# Log (Logarithmic) Calculator

The **Log (Logarithmic) Calculator** is an online tool that provides the logarithmic result based on the given data. You only need to enter the number for which you want to calculate the logarithm and the base of the logarithm.

You can enter any number that will be the base of the logarithm, such as 2, 3, 10, etc. And if you want to calculate the natural logarithm `ln`

, enter `e`

as the base.

The result of the operation appears immediately after the equals sign.

**log**

## How do I use the log calculator?

The **logarithm calculator** calculates the logarithm of a number based on the data you give it: the base of the logarithm and the number for which you want to calculate the logarithm.

All you need to do is enter the base of the logarithm, such as *2*, *10* or *e* (if you want to calculate the natural logarithm), and the number for which you want to know the result.

It is possible to set the precision of the result. From 0 to 10 decimal places.

### Logarithm - Definition

For the numbers a and b, where a, b > 0 and a ≠ 1, the logarithm with base a of the number b is called the real number x which satisfies the equation: ax = b.

The logarithm is the inverse of the power of a number.

#### Decimal Logarithm

The **decimal logarithm** is also known as the Briggs logarithm. It is a logarithm with a base of 10.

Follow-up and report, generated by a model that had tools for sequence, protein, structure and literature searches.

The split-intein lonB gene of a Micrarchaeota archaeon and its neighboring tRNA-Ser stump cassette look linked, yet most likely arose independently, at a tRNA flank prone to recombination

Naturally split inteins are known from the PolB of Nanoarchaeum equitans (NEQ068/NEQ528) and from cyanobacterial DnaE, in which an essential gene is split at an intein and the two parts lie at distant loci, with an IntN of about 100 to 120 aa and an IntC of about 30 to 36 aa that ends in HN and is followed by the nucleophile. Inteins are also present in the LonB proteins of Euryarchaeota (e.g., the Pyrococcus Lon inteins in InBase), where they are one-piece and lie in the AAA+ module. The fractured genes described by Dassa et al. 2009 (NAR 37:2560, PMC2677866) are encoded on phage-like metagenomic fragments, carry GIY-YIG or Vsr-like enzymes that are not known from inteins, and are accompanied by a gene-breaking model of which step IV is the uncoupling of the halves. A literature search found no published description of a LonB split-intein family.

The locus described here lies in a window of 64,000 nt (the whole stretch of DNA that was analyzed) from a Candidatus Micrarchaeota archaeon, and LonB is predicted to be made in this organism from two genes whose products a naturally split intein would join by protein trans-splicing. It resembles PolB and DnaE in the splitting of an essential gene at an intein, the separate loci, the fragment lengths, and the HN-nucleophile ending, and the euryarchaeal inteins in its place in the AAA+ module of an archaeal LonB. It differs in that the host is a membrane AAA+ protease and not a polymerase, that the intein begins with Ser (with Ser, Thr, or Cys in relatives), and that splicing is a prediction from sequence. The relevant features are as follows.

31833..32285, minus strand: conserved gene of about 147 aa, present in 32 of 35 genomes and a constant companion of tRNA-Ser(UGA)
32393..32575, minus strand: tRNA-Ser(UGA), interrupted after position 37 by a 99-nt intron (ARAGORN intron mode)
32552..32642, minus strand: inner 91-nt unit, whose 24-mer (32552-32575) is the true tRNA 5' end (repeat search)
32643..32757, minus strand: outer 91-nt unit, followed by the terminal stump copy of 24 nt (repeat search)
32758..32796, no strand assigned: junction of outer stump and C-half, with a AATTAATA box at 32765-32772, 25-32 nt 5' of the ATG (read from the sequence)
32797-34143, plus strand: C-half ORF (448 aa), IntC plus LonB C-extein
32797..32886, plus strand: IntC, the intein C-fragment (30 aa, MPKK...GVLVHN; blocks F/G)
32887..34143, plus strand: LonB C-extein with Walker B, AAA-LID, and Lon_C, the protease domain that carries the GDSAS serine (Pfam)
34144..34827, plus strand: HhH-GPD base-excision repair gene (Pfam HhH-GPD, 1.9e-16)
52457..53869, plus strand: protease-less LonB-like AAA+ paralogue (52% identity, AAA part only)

`lg x = log 10x, so 10x = 10`

The concept of the decimal logarithm was introduced over 400 years ago (in 1614) by the English mathematician Henry Briggs.

#### Natural Logarithm

The natural logarithm is also known as Neper's logarithm. It is named after the Scottish mathematician John Neper.

It is a logarithm whose base is *e*.

The number e is Euler's number (a mathematical constant), which is approximately 2.718281828459.

The natural logarithm is denoted by the symbol `log`

or simply _{e}`ln`

.

##### Some examples

*log*, because_{2}8 = 3*2*,^{3}= 8*log 1000 = 3*, because*10*,^{3}= 1000*log*, because^{10}0,1 = -1*10*,^{-1}= 0,1

##### Using logarithms

- In mathematics - In the past, logarithms were used to multiply large numbers. Nowadays, they can be found, for example, in graphs (logarithmic scale),
- in chemistry - logarithms are used to calculate pH, for example,
- in seismology - the Richter scale is a logarithmic scale used to measure the magnitude of an earthquake,
- the sound intensity level is given in decibels (
*dB*) and is calculated using a logarithmic function.

see also: